She was gritty and had a massive chip on her shoulder. And she wasn’t skating well. Harding hadn’t landed her triple axel all year (nor would she). Plus I knew something else. The girl could lie. When I was researching the profile on her in the fall of 1992, Tonya was separated from her husband, Jeff Gillooly. She was seriously dating a young banker from Vancouver. She told friends she was in love with him. Sports Illustrated photographer Heinz Kleutmeier, who was shooting the story, had any number of pictures of the two of them together, in various stages of caress. But when a fact-checker called to verify what I’d written, Harding lied. Said I made up the romance. She’d gotten back together with Gillooly, and wasn’t about to let this Vancouver banker fling mess things up. She claimed she never dated the guy.  Barely knew him, never mind been in love with him. I’d totally misinterpreted.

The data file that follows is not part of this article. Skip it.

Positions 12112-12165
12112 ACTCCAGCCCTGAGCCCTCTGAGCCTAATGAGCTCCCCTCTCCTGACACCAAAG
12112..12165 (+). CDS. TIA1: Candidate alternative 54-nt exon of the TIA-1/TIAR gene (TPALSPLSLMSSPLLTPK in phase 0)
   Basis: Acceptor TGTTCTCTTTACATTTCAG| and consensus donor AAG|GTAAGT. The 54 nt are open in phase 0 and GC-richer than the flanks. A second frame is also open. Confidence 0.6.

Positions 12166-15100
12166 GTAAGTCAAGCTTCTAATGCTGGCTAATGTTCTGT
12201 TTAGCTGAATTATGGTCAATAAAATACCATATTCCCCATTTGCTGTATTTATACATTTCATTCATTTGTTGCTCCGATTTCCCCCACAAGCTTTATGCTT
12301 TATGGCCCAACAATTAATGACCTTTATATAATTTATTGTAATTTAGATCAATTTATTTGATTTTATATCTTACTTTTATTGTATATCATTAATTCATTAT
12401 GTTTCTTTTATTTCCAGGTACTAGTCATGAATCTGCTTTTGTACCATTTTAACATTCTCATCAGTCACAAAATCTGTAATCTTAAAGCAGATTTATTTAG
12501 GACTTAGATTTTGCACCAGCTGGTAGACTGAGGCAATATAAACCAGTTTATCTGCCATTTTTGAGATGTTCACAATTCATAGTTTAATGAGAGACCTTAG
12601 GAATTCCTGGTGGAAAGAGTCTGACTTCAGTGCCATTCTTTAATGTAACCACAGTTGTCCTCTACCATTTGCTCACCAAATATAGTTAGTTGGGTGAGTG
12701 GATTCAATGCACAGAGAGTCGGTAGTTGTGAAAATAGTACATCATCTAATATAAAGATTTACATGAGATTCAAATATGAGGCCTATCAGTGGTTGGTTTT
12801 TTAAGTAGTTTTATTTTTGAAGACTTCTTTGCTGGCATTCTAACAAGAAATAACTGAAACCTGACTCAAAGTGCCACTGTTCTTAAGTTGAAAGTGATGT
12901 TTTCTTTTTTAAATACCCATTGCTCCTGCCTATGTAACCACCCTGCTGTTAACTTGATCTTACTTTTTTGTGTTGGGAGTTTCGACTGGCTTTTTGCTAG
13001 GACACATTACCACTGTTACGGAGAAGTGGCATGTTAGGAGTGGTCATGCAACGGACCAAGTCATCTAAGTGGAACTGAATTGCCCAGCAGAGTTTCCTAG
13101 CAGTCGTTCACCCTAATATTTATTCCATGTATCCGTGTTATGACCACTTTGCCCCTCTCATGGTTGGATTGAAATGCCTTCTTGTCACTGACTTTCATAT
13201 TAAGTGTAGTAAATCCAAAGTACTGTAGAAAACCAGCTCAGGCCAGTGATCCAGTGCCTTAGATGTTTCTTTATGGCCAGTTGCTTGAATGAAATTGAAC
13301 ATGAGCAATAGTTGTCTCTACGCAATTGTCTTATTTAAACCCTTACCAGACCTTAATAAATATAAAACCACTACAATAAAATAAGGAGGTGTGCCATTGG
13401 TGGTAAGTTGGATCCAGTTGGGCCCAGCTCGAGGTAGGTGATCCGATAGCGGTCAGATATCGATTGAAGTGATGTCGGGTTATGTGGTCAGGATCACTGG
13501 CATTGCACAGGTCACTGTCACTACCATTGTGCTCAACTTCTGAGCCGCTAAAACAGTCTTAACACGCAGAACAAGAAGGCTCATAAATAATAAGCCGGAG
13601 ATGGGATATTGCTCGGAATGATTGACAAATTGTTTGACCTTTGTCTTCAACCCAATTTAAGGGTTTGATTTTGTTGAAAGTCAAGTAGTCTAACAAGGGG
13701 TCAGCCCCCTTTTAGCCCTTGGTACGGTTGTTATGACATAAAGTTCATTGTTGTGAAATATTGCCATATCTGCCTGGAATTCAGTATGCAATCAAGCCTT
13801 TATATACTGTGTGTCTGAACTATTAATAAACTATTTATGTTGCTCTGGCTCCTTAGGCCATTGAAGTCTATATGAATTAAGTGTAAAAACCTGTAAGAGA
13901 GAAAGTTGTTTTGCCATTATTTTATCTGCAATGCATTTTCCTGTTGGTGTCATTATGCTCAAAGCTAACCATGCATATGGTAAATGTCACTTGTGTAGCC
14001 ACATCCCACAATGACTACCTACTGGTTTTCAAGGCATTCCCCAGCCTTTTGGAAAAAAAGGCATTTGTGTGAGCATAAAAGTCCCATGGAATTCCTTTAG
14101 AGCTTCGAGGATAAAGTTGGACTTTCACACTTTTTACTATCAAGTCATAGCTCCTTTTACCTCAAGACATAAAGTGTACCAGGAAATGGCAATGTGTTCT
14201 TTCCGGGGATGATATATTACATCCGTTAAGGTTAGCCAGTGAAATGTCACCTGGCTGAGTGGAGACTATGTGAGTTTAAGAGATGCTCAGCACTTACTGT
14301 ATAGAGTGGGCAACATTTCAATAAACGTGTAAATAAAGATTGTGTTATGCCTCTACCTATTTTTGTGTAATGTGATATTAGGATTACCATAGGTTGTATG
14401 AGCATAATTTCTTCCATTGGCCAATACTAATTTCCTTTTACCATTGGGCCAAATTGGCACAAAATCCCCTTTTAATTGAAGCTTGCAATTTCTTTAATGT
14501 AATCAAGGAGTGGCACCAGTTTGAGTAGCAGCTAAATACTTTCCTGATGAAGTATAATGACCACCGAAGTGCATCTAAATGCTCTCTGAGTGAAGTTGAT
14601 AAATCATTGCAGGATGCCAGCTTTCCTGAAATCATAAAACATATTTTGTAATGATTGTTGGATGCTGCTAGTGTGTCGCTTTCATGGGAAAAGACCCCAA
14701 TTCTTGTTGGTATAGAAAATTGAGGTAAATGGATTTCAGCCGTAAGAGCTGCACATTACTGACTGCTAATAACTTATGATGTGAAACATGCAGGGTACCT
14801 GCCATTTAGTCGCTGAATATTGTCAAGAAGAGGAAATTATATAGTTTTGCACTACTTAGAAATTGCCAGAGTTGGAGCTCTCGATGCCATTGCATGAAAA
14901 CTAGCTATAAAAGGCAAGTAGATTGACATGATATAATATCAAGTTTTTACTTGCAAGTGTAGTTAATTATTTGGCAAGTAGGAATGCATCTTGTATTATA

“Tonya, we have pictures,” I said. “Arm in arm with him. Holding hands with him. Kissing him. Lots of pictures.”

Pause. Long pause. “You can’t use them.”

We didn’t, though we certainly could have. But the banker stayed in the story. So — fast forward — when Harding denied a role in the attack on Kerrigan, I didn’t believe her for a second. She was, by nature, one of Fagin’s little street thugs, capable of rationalizing just about any untoward action. She believed the figure skating establishment was against her; that Kerrigan was the Anointed One; that the deck was unfairly stacked. Hence, disabling Kerrigan was justified. No remorse.

Eventually, the FBI untangled the conspiracy, and I read their exhaustive debriefing of Gillooly. And, separately, Harding. (10 hours worth of debriefing.) He spilled his guts, thoroughly implicating Harding, whom he said had been in on it from the beginning. She denied that, was vague, and was caught in a number of lies. There was no question in my mind (or the FBI’s) which of the two of them was telling the truth. But she lawyered up, threatened the USOC with a $25 million lawsuit if it removed her from the team, and was allowed to represent the U.S.A. in the Olympics. Twenty years later that still sticks in my craw.

Kerrigan, right, and Harding, left, join other members of the team at practice, Monday, Feb. 21, 1994, Hamar, Norway. (Doug Mills/AP)